Awareness campaign: Inauguration of this skin bank also marked the introduction of the concept of skin donation after death to the Indian society. The need for concentrated and continuous efforts to create awareness about this till then unheard of topic was recognized by the first author. Preparation of brochures, posters, flip charts and PowerPoint presentations augmented the articles in print media, television interviews and radio talks. This campaign is ongoing.
Microbiological data review: Analysis of the microbiology of deceased donor skin allografts was carried out on regular basis and appropriate modifications were made in the donor area cleaning protocol and graft procurement protocol.
Protocol modification and training: Till the end of year 2006, the donor areas were cleaned with combination of povidone iodine and quaternary ammonia compound. This practice was changed to use of 0.5% chlorhexidine solution followed by alcohol cleaning and application of 5% povidone iodine solution. The donor area cleaning was changed to sequential cleaning, and wiping of skin graft blade and handle with alcoholic solution after completing one area was introduced.
Training of all the general surgery residents about the method of deceased donor skin allograft procurement was introduced as a regular feature.
Cryopreservation at -70°C with 15% glycerol as cryoprotectant was used for the preservation of allografts from the year 2000 to 2006. Since 2007, high-concentration glycerol preservation method developed by Euro Skin Bank  is being utilized for majority of the allografts.
Review of response and strategy modification: At the end of the year 2006, the response to this newly introduced concept of skin donation after death was reviewed. With 56 donations in a six-year period, a modification in the counselling strategy was considered essential. Till then the counselling responsibility rested mainly with the consultants and residents of department of surgery. The counselling of the relatives was expected to be carried out after death of a hospitalized patient. This was obviously ineffective and the reasons were many. It was decided to extend the counselling outside the hospital in the community as well. Members of Sunday Friends - a voluntary organization - were provided all the information about this subject along with relevant photographs. A group of general practitioners also received training for counselling. Analysis of the profile of donors was performed once every year and issues related to skin procurement were discussed and sorted out every three months in a meeting of Sunday Friends with surgical residents, members of burn team and the microbiologist of skin bank.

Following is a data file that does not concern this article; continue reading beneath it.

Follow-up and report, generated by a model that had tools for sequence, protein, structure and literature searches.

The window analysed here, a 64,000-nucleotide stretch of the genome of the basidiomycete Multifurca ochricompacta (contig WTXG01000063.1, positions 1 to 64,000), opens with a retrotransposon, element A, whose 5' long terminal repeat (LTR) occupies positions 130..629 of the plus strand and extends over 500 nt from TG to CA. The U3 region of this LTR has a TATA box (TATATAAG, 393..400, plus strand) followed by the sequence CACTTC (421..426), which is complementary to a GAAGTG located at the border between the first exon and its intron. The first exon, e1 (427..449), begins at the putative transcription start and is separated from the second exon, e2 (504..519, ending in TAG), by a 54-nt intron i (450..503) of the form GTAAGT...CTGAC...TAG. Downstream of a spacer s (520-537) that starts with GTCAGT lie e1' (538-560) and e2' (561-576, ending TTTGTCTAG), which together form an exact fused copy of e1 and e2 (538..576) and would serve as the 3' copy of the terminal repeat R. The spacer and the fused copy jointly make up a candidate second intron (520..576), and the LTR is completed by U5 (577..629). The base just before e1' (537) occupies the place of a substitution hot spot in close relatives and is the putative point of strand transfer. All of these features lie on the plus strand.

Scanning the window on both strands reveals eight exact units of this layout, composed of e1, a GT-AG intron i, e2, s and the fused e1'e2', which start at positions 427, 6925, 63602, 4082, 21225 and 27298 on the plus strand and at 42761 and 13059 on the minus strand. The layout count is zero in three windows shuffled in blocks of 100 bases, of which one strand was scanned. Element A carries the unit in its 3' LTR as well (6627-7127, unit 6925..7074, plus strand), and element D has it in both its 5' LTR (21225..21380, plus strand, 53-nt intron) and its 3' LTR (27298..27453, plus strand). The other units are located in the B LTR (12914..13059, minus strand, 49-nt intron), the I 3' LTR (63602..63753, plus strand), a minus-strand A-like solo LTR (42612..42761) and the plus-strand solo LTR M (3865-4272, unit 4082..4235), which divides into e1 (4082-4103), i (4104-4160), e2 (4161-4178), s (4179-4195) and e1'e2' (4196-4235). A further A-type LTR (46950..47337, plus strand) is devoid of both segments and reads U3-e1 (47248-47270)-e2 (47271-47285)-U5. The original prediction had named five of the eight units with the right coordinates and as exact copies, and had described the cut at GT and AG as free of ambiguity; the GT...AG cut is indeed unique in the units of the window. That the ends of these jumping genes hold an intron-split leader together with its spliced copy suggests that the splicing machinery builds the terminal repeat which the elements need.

Analysis of utilization: With improved availability of skin allograft, the utilization was streamlined with strict record keeping of requisition and allocation. The age, sex and burn extent of the recipients, the reason for use of allograft and the outcome was analyzed for the 10-year period. The duration of graft survival and issues related to handling of skin allograft were also studied.
No test of statistical significance was applied to this data.
| » Results|| |
This is an ongoing activity. The details of different methods adopted and their frequency over the ten years of existence of skin bank have been provided in [Table 1]. At present, the skin bank holds pledge forms of 732 individuals wishing to donate skin after death.
Microbiology of skin allograft and impact of protocol modification
A study of pre-processing microbiology of skin allograft from 33 donors (years 2002−2006) revealed positive pre-processing cultures in 70%  with fungal growth in 23.3%. The micro-organisms most commonly isolated were Escherichia More Details coli, Staphylococcus aureus and Candida spp. This high incidence of contamination led to modification of cleaning and procurement protocol as specified earlier. The frequency of positive pre-processing cultures was 20.39% in 206 donations received during subsequent period from Jan 2007 to 31 st March 2010 [Table 2] and the common isolates were E. coli, Enterobacter and Enterococci, Methicillin-sensitive S. aureus and Candida. species.